By Marylyn (Pousson) Diebold
Lulu.com, LaVergne, Tennessee, 2010, 95 pages, softcover.
William and Regina Biberorf, October 31, 1909
For many years, I’ve searched my family’s German-Russian history. My grandfather,Wilhelm Otto Biberdorf born on July 23, 1883 in the village of Eigenfeld, Black Sea province of Kherson, South Russia (today Ukraine), was barely twenty when he left his family in Russia and sailed across the huge ocean to find freedom in the United States of America.
In north central North Dakota, William built a farming enterprise that continues to this day. I am still in awe of my grandfather and of what he accomplished. However, he could not have done it without Grandma Jean. Although her education was limited, Grandma had ‘smarts’ that helped the family through the bad times, especially the depression years.
The Biberdorf house in the late 1930s or early 1940s
The first part of the book dwells on history pertaining to the German-Russian people and then to William. The second part contains short stories. Some are humorous, while others related the struggles, and the terrible hardships that befell the family. Yet, they preserved and went on, always trusting that things would work out for the best. I am a second generation of German-Russians born in America.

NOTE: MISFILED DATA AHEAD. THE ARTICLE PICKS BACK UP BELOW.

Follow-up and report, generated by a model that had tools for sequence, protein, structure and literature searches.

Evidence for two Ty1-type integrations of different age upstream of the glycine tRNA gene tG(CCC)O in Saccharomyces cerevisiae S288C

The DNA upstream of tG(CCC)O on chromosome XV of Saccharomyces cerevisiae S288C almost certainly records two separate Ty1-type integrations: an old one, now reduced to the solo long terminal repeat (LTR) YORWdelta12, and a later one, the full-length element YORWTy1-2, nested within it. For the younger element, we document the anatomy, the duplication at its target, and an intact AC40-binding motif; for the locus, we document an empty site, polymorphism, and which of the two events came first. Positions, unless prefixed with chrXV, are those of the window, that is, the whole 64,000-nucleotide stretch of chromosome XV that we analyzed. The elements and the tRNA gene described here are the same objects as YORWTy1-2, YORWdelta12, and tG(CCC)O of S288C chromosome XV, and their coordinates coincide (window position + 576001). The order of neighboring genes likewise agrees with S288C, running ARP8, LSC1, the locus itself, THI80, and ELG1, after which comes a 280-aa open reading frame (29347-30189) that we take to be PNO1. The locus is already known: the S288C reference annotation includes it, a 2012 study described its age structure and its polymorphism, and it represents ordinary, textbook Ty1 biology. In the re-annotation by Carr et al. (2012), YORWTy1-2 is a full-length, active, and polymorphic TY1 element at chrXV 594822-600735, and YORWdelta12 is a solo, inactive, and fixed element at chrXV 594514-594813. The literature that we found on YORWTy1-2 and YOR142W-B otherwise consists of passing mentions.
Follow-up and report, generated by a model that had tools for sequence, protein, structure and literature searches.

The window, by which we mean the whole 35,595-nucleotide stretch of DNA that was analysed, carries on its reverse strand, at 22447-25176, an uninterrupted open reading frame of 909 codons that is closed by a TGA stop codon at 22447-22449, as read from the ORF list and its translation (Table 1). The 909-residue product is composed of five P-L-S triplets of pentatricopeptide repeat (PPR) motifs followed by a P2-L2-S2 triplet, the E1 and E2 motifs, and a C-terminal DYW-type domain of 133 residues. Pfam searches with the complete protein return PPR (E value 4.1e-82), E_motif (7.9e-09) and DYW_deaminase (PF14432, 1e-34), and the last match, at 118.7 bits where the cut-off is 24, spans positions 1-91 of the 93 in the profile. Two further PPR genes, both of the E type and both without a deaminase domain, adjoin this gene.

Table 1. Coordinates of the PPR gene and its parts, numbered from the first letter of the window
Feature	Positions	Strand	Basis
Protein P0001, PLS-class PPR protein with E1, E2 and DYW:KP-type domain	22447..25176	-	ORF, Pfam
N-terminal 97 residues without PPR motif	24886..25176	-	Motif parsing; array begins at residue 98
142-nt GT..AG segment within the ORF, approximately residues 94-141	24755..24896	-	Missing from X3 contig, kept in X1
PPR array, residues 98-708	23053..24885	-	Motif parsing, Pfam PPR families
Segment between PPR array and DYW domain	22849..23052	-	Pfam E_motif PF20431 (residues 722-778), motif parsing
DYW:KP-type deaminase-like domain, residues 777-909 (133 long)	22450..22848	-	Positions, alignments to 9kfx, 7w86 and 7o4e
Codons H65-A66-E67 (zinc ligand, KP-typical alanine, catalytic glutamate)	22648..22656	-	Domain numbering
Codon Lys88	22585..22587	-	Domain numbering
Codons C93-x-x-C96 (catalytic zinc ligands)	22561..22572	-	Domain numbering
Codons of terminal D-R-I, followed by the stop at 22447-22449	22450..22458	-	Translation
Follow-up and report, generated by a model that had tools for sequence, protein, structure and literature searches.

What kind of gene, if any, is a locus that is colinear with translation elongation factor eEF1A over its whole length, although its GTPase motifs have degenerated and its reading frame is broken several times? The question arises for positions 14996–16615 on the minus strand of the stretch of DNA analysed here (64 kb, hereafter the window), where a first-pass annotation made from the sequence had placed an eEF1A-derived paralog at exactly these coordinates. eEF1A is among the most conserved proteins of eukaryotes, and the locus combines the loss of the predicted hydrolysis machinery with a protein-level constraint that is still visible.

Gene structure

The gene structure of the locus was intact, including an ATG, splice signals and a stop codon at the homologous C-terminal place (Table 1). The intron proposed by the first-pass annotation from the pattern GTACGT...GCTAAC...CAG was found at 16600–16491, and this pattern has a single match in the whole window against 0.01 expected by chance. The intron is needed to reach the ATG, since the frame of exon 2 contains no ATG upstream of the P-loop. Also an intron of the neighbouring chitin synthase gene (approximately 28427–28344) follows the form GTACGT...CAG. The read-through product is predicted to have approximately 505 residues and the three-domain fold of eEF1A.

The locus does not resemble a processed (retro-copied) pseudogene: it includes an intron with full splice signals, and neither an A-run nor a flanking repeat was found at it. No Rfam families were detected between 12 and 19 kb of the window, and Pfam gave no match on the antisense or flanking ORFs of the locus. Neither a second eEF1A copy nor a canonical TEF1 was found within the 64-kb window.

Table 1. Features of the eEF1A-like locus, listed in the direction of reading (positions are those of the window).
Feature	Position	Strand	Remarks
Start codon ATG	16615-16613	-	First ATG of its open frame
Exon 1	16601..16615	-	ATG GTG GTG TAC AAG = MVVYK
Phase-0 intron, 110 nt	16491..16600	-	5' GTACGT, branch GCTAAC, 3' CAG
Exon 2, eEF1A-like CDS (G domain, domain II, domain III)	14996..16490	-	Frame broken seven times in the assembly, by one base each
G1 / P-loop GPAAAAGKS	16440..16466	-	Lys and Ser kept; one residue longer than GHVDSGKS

The Biberdorf house in 2006
The authors share in the Introduction: “When I was younger, I didn’t understand how Grandpa Biberdorf could be born in Russia, and not be Russian, but German. History describes the German-Russians as tenacious and highly industrious people. My mother described my own tenacity as “bullheadedness.” In 1929, my grandparents bought the farm and the house on the knoll. I grew up in that wonderful old house. Within its walls, I felt safe, secure, and totally unaware of the great sacrifices my grandparents made for that security. The love that poured out of that big white house on the knoll still touches me and continues to bless me.”
About the author
Marylyn Diebold and her husband, Wayne, farmed and now ranch in north central North Dakota. They have a son, a daughter, and four grandsons. Ironically, five years ago when they moved into a large white square house that sits on a knoll with Willow Creek flowing a short distance from their yard. The setting is similar to where Marylyn and her siblings were raised in Willow Creek Township.
Marylyn was always interested in writing, but became serious about publishing her work since her involvement with the Prairie Rose Writers of Rolette, and the Lake Region Writers of Devils Lake. She is especially grateful to Lake Region member Huck Krueger for his help.
Along with other writers across North Dakota, the groups have published two anthologies: Whisperings from the Wheatfields and Winter Whispers.
For 32 years, Marylyn worked as a station manager for First National Bank & Trust of Bottineau, ND. She continues to work part-time.
She is busy writing her first novel, Secrets Along Willow Creek. Diebold’s writings depict her faith, her love for the North Dakota prairies, family life, and her German-Russian heritage.
The House on the Knoll: My German-Russian Family
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